We plan to eliminate the State of Israel and establish a Palestinian state. We will make life unbearable for Jews by psychological warfare and population explosion.  Jews will not want to live among Arabs. I have no use for Jews. They are and remain Jews. We now need all the help we can get from you in our battle for a united Palestine under Arab rule.  

Palestinian violence against Israel was so relentless and distrust of Arafat so great, that even Prime Minister Yitzhak Rabin himself considered abandoning the Oslo process, according to his daughter and Moshe “Bogie” Ya’alon, former chief of staff to the IDF.

Bibi’s positions on Oslo and Rabin. Also quoting Bibi speaking during the above-mentioned 1995 protest, the documentary portrays Bibi as hostile to Oslo and Rabin. But further scrutiny of what he said shows that Bibi held rational, consensus positions. The documentary shows Bibi calling Yasser Arafat “a murderer,” but Arafat was of course in the business of murder, heading a terrorist organization responsible for murdering scores of Israelis and inciting a whole society to do the same. The documentary also shows Bibi stating, “We will never divide Jerusalem,” but fails to indicate Rabin also believed in a unified Jerusalem under Israeli sovereignty. The documentary at least twice mentions that that Bibi issued harsh language against Rabin. However, this assertion is substantiated (both times) with portrayals of Netanyahu refusing to divide Jerusalem. Again, Rabin also held the position of not wanting to divide Jerusalem. Bibi was merely holding Rabin accountable to what Rabin had previously promised Israelis. Bibi’s views of Jerusalem and Arafat were actually not controversial.

Frontline’s forgotten decade. As mentioned above, several in the documentary accuse Bibi of being a “stubborn” peace partner “slow walking the peace process.” Interestingly, the documentary skips from 2001 (with a mention of 9/11) to when President Barack Obama was elected in 2008. What happened in those seven years is critical to shaping (and vindicating) Bibi’s worldview, and should upend any belief that Bibi was the source of a lack of peace. In those seven years, the Second Intifada continued to rage (September 2000 through February 2005), Prime Minister Ariel Sharon oversaw the disengagement from Gaza (September 2005), Hizb’allah instigated the Second Lebanon War (July to August 2006), Prime Minister Ehud Olmert offered a peace agreement to President Mahmoud Abbas (September 2008), and Hamas instigated the first Gaza War (December 2008-January 2009). These events served to shatter the Oslo concept of “land-for-peace” as a viable option for peace between Israel and its Arab neighbors -- Israel left southern Lebanon in 2000 only to be attacked by Hizb’allah in 2006, and left Gaza in 2005 only to be attacked by Hamas three times since (2008/9, 2012, and 2014).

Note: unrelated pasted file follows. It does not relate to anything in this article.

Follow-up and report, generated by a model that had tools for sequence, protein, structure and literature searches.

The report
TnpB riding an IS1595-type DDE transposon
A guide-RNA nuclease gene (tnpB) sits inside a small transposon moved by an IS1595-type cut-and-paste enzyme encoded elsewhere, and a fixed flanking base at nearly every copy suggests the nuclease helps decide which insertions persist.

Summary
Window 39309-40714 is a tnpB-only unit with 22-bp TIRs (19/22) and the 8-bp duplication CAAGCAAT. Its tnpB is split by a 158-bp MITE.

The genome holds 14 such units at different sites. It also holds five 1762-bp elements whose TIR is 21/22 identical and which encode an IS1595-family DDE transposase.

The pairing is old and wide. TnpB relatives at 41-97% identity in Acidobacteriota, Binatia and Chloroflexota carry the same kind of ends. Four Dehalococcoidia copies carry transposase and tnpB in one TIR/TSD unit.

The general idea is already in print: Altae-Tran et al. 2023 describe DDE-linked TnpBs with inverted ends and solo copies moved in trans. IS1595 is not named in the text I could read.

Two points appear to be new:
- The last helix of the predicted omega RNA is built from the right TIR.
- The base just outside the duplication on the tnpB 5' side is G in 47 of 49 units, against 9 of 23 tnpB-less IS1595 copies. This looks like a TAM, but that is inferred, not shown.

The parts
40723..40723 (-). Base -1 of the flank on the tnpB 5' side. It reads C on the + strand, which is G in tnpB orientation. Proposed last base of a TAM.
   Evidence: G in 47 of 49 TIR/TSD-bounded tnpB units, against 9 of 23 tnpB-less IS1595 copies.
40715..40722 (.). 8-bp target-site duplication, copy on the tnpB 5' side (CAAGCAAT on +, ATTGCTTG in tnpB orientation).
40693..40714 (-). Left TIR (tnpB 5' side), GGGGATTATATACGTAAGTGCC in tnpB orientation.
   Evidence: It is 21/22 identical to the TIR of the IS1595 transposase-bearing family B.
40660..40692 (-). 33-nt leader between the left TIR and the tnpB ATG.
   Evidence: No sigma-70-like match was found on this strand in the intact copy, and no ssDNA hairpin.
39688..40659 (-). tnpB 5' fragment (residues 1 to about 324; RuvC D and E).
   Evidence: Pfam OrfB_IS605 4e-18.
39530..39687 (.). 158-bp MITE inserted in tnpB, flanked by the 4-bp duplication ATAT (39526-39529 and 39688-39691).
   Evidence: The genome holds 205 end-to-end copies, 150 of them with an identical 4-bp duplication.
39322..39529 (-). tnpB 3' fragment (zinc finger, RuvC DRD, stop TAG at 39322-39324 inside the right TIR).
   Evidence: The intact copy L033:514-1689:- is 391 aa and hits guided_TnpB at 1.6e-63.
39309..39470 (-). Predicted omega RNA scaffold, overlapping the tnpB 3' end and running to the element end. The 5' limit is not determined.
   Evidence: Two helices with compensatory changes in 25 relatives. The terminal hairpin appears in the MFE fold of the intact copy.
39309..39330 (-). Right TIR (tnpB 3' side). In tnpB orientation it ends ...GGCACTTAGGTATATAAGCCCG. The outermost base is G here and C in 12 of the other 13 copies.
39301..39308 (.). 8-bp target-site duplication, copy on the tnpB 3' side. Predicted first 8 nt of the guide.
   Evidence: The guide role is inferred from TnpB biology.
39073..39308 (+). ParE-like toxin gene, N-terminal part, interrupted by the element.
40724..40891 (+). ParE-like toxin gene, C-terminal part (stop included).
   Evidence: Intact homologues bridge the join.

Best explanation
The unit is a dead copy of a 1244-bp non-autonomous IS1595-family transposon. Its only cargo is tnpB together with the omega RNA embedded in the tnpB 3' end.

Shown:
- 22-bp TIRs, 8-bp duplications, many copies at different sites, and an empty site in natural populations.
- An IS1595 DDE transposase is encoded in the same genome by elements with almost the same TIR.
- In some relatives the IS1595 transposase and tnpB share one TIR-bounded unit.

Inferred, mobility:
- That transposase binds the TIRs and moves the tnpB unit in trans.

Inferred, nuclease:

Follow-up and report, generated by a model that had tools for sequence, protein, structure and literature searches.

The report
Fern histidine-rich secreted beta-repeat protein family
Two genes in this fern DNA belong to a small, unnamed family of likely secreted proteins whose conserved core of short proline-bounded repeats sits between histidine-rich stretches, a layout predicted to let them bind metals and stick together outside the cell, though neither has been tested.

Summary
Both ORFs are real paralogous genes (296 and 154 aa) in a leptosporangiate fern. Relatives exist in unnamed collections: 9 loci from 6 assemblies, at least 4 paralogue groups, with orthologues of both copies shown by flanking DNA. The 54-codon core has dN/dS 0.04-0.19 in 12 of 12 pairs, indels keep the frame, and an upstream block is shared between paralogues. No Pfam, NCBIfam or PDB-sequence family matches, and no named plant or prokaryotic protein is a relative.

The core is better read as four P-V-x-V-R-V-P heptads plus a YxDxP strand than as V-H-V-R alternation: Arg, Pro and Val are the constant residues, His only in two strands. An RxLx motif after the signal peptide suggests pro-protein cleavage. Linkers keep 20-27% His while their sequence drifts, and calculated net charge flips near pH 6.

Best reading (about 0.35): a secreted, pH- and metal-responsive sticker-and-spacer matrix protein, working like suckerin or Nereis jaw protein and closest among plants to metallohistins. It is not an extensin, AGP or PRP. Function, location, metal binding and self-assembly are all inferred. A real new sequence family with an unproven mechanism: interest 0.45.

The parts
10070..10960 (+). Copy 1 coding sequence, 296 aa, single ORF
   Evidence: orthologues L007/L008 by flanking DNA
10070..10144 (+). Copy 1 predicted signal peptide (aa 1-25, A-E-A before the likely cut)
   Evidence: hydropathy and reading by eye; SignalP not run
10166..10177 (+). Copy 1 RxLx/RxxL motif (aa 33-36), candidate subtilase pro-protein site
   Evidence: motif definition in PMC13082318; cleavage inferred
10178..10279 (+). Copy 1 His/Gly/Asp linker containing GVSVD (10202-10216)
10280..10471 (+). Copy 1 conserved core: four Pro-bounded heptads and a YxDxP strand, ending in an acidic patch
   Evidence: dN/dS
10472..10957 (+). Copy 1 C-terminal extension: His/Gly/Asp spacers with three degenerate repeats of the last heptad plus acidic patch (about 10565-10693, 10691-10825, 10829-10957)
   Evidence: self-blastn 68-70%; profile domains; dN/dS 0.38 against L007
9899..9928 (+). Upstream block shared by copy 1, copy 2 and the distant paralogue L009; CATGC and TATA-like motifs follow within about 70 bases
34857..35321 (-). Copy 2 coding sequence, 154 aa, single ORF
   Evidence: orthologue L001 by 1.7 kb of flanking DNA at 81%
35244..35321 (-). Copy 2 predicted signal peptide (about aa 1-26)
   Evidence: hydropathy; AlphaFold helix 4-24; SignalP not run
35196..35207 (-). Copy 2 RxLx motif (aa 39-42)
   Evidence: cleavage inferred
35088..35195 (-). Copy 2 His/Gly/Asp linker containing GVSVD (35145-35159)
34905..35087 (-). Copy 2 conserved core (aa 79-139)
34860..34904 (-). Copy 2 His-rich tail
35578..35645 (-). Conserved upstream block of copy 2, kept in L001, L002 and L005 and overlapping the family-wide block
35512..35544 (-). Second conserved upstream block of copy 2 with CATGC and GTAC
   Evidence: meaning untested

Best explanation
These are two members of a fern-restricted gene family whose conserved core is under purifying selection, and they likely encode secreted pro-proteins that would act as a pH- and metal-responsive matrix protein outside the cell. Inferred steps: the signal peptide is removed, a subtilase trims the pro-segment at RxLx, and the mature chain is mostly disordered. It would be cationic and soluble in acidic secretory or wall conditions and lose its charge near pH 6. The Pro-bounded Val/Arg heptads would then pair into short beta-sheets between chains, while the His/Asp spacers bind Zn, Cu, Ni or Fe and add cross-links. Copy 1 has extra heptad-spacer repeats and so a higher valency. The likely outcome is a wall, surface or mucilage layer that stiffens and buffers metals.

Accusing Bibi of “slow walking the peace process” is unfair, at least without a similar accusation directed at the Palestinian leadership. Prime Minister Ehud Barak offered Arafat a deal in 2000 that he rejected, Olmert offered Abbas a deal in 2008 that he rejected, and both times the Palestinian presidents gave no counter-offer. So how is the lack of peace Bibi’s problem? Bibi’s “slow-walking” was the result of the fact that from signing the first Oslo Accord in September 1993 to the present, Israel has faced four wars with the Palestinians plus sustained Palestinian terrorism in the interim. Bibi’s “slow walking” was the effect, not the cause, of a lack of peace.